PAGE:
Senate), Michael Chandler (Democratic Party Committee) and Patricia
Martin (Cook County Judiciary).
The paper quoted Obama saying, "These victories prove that small 'd'
democracy can work."
The newspaper lists other politicians it endorsed who were not
members but specifies Obama as a New Party member.
New Ground, the newsletter of Chicago's Democratic Socialists of
America, reported in its July/August 1996 edition that Obama attended
a New Party membership meeting April 11, 1996, in which he expressed
his gratitude for the group's support and "encouraged NPers (New
Party members) to join in his task forces on voter education and
The New Party, established in 1992, took advantage of what was known
as electoral "fusion," which enabled candidates to run on two tickets
simultaneously, attracting voters from both parties. But the New
Party went defunct in 1998, one year after fusion was halted by the
According to DSA documents, the New Party worked with ACORN to
promote its candidates. ACORN, convicted in massive, nationwide voter
fraud cases, has been a point of controversy for Obama over his ties
to the group.
In 1995, the DSA's New Ground newsletter stated, "In Chicago, the New
Party's biggest asset and biggest liability is ACORN.
"Like most organizations, ACORN is a mixed bag," the newsletter said.
"On one hand, in Chicago, ACORN is a group that attempts to organize
some of the most depressed communities in the city. Chicago
organizers for ACORN and organizers for SEIU Local 880 have been
given modest monthly recruitment quotas for new New Party members. On
the other hand, like most groups that depend on canvassing for
fundraising, it's easy enough to find burned out and disgruntled
former employees. And ACORN has not had the reputation for being
interested in coalition politics until recently and, happily, not
just within the New Party."
Union Terror Link?
Labor Raid: The FBI raids the Chicago home of a local union leader
looking for terrorist connections as the union's former chief is
investigated for corruption. Why are we not surprised?
Thuggery and corruption are not quite synonyms for unionism, but it
gets very close when you consider the Service Employees International
Union, formerly led by Andy Stern.
From being involved in fraudulent voter registration in Texas to
beating up Tea Party activists outside town hall meetings in
Missouri, SEIU's reputation is well-established.
Now we can possibly add a linkage to terrorism.
On Friday, the FBI searched eight addresses in Minneapolis and
Chicago. Among those addresses was the North Side home of Chicago
anti-war activists Joe Iosbaker and his wife, Stephanie Weiner, whose
home was searched for 12 hours.
The agents said they were looking for evidence relating to terrorist
activity. Warrants suggested agents were looking for links between
anti-war activists and terrorist groups in Colombia and the Mideast.
An FBI statement said those investigated were suspected of activities
"concerning the material support of terrorism."
The national media largely ignored the story, and the Chicago media
reported it as the 1968 Democratic National Convention anti-war
activists being intimidated and investigated and manhandled by
oppressive law enforcement.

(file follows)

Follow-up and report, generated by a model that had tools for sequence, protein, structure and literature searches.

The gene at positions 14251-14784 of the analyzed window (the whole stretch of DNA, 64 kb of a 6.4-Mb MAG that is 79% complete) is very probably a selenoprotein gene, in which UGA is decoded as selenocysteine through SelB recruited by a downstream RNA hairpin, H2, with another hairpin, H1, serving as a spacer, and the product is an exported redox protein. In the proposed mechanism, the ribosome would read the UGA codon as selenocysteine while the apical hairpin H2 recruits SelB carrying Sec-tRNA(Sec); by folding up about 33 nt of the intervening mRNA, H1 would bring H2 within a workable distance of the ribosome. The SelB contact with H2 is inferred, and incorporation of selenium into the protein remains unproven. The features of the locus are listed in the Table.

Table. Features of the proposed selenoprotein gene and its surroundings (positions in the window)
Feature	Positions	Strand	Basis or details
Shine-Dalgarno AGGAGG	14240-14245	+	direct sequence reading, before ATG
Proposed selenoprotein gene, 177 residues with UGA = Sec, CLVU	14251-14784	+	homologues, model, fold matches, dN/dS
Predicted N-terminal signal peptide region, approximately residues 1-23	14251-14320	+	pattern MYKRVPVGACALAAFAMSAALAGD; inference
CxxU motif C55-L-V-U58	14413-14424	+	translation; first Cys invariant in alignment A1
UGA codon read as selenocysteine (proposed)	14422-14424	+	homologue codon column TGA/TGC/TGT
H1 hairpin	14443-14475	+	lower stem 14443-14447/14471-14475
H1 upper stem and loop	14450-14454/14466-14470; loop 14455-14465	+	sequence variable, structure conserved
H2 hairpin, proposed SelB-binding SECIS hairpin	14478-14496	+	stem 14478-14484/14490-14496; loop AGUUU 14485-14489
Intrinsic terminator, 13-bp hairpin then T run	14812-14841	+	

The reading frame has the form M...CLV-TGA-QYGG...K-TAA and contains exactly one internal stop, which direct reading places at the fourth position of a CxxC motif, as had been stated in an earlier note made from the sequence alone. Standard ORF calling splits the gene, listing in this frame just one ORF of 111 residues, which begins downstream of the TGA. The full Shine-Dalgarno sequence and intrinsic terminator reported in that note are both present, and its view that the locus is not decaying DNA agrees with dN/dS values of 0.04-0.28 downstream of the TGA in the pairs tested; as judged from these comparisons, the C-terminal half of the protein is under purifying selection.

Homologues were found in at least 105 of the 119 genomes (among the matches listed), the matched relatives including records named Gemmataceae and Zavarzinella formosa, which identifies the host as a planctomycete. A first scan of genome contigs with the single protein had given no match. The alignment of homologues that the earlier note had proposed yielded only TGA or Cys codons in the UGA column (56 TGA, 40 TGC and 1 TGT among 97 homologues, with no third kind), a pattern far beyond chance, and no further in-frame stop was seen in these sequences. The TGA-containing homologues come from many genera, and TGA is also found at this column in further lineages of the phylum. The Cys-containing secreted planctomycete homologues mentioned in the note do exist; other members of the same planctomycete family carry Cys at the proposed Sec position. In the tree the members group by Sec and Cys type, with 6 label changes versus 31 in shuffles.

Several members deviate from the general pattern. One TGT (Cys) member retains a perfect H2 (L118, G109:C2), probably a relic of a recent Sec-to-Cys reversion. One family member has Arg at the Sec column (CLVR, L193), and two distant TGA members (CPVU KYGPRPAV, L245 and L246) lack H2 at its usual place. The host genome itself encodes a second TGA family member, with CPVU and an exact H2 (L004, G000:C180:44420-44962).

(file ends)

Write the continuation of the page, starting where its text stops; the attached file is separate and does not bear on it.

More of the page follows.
Iosbaker and Weiner said the government targeted them because they've
been outspoken against the wars in Iraq and Afghanistan and U.S.
funding of conflicts abroad. That's the way local media covered it
local activists being hassled by the man.
As Warner Todd Huston over at Gateway Pundit reports, "one little
fact seems to have escaped the notice of these hard-nosed
journalists. Iosbaker is an SEIU union member. And not just a
rank-and-file member but an official."
Iosbaker is no less than the Chief Steward for SEIU Local 73. One
would think that a high-ranking union official linked to support of
international terrorism would be national news, especially when our
success in the war on terror abroad has caused a change in tactics
and the rise of what is known as "homegrown terrorism."
The sometimes violent anti-war movement and the SEIU have a long
history of linkages.
Wade Radthke, a former Students for a Democratic Society member,
founded Acorn and SEIU.
Stern, also an SDS member, cut his community and union-organizing
teeth with the SDS. He was trained in the tactics of radical activism
at the Midwest Academy, formed by former SDS members Paul and Heather Booth.
Stern has said that if those who disagree with command-and-control
government do not bow to the power of SEIU persuasion, they will bow
to the persuasion of SEIU power.
Certainly Kenneth Gladney discovered this when thugs wearing purple
SEIU shirts beat him up after he tried to sell "Don't Tread on Me"
paraphernalia outside a Missouri town hall meeting on health care.
Shades of the "Days Of Rage."
Now Stern is also under investigation by the FBI. The probe centers
on a six-figure contract that Stern got for his oddly named book, "A
Country That Works," that trumpets government and union power. SEIU
locals, using coerced union dues, bought thousands of copies as Stern
pocketed a large advance.
The FBI is also investigating Stern's role in paying money to an SEIU
leader in California who allegedly did no work.
Unions were formed on the premise of helping exploited workers. Now
it is the unions and their bosses, particularly the SEIU, doing the exploiting.